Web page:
X-in-6: one of my favorite tools when GMing old-school games

My kiddo and I started an OSE campaign set in Godsbarrow in November, and I’ve been making lots of little rulings on the fly during our sessions — which I love! There’s a default flowchart my brain automatically follows:

  1. Is there a rule? Cool, use it.
  2. If not, can something adjacent be adapted to it? In old-school D&D, I usually fall back on “Can this be an ability check or a saving throw?”
  3. If not, make it an X-in-6 roll.

Lots of things in Old School Essentials [affiliate link] are already X-in-6 rolls; this is a core element of the game. It’s a great, simple tool, and I love it. It’s quick, the odds are immediately evident, a +1 or -1 to the roll makes a meaningful difference, and it gets the job done with a minimum of fuss.

Lots, yes, but how many is that?

I was curious how many general situations in OSE are already covered by X-in-6 rolls, and what their breakdown of X values was like, so I made a list:

  • Listening at doors: 1-in-6 to hear stuff; 2-in-6 for dwarves, elves, halflings
  • Searching a 10’x10′ area: 1-in-6 to find something
  • Triggering a trap (if you do something relevant): 2-in-6
  • Wandering monsters: 1-in-6 per turn in the dungeon; 1 in 6 for city, clear, grasslands, settled; 2-in-6 for aerial, barren, desert, forest, hills; 3-in-6 for jungle, mountains, swamp
  • Foraging: 1-in-6, while traveling, to find food for 1d6 people
  • Hunting: 1-in-6 per day
  • Getting lost: 1-in-6 in grasslands; 2-in-6 in barren, hills, mountains, woods; 3-in-6 in desert, jungle, swamp; 2-in-6 in coastal waters; 1-in-6 in sea with a navigator (6-in-6, AKA 100%, without one)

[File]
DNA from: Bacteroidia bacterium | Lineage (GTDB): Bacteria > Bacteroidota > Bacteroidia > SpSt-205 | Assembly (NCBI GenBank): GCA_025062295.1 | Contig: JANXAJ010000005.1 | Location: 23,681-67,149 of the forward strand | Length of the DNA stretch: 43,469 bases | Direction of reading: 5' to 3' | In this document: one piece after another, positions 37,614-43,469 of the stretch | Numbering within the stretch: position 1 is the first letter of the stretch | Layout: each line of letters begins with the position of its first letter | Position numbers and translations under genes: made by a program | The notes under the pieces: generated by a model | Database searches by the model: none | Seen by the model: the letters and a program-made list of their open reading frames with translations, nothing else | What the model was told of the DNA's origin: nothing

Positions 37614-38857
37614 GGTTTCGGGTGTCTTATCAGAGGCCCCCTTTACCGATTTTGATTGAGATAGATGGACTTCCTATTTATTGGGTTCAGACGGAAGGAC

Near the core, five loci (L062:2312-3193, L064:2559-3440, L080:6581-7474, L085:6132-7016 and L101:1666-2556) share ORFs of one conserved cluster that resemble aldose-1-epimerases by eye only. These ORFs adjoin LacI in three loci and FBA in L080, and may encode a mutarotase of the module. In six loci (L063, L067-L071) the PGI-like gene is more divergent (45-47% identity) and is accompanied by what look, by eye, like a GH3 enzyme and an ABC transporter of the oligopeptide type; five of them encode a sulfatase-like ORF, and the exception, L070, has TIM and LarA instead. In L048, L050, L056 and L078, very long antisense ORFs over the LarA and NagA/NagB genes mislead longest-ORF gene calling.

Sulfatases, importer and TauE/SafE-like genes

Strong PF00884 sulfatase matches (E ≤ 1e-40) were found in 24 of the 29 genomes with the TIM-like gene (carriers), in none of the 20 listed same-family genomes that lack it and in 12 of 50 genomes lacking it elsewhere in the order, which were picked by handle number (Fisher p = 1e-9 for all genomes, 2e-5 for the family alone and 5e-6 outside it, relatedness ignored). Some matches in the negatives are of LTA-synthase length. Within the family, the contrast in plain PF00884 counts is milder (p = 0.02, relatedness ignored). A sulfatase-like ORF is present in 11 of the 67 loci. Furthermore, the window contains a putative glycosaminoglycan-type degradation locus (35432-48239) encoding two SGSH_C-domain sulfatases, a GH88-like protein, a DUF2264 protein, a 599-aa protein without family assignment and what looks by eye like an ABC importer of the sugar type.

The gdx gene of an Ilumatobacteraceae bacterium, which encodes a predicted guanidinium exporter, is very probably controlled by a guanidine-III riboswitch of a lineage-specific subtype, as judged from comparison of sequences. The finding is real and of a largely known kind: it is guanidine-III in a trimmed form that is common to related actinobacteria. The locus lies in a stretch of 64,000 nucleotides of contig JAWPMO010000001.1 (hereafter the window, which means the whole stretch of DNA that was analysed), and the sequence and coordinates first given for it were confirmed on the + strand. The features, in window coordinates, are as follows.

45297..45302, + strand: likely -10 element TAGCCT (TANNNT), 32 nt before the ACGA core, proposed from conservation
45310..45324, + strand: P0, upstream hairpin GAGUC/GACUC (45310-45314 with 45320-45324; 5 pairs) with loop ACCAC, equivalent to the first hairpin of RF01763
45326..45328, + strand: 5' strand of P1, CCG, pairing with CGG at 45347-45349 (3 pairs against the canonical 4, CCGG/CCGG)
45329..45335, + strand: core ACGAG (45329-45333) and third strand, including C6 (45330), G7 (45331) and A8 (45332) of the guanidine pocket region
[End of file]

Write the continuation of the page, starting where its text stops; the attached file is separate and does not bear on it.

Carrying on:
• Surprise: 2-in-6
  • Open doors: Varies according to STR score, from 1-in-6 to 5-in-6
  • Detect construction tricks (dwarves): 2-in-6
  • Detect traps (dwarves): 2-in-6
  • Detect secret doors (elves): 2-in-6
  • Hiding (halflings): 2-in-6
  • Using a tinder box: 2-in-6 per round
  • Boarding actions: 2-in-6 to get in position
  • Finding safe harbor in a storm when at sea: 2-in-6
  • Will a monster stop to pick up treasure you drop?: 3-in-6
  • Will a monster stop pursuing if you drop food?: 3-in-6

Handy defaults

I haven’t poked the Advanced rules yet, just the Basic ones, but even so seeing it all in a list like that makes a few things jump out at me:

  • When in doubt, the default chance should be 1-in-6.
  • If you’re pretty good at it, or it’s relatively easy, or it’s notably dangerous, it’s 2-in-6.
  • 3-in-6 is rare, and really emphasizes the situation — like just how much more dangerous the jungle is than the grasslands.
  • 4-in-6 and 5-in-6 are vanishingly rare, and never used outside of tying strength to opening doors.

This is pretty much the approach I’ve been using with Lark: 1-in-6 or 2-in-6 if it’s worth rolling at all, with a +1 or -1 depending on the circumstances, roleplaying, clever tactics, etc. I’ve absorbed enough B/X, Labyrinth Lord, and now OSE over the years that I’m sure I intuited that approach based on their rules. I’m not a genius inventing the wheel, I just like poking things to see how they work.

It’s really neat to see all these X-in-6 examples in one place, and to see how clearly the design intent comes through.

4 thoughts on “X-in-6: one of my favorite tools when GMing old-school games”

  1. I am much more a fan of “1 in X”.
    That makes it easier for me to remember what kind of roll I wanted to make when I get distracted by players chattering, and it also makes it easier for the players to recognize when “something happens”.
    I just tell them “roll a dX” and they always know that “something always happens on a 1”.

    Though it means calling for dice more often, since you can’t have anything being more probable than 1 in 4.

    1. Martin Ralya

      Okay, that’s really neat! I generally announce the chance when I roll (“On a 1 or 2, something happens”), but I like your shortcut of the chance always being 1-in-X.

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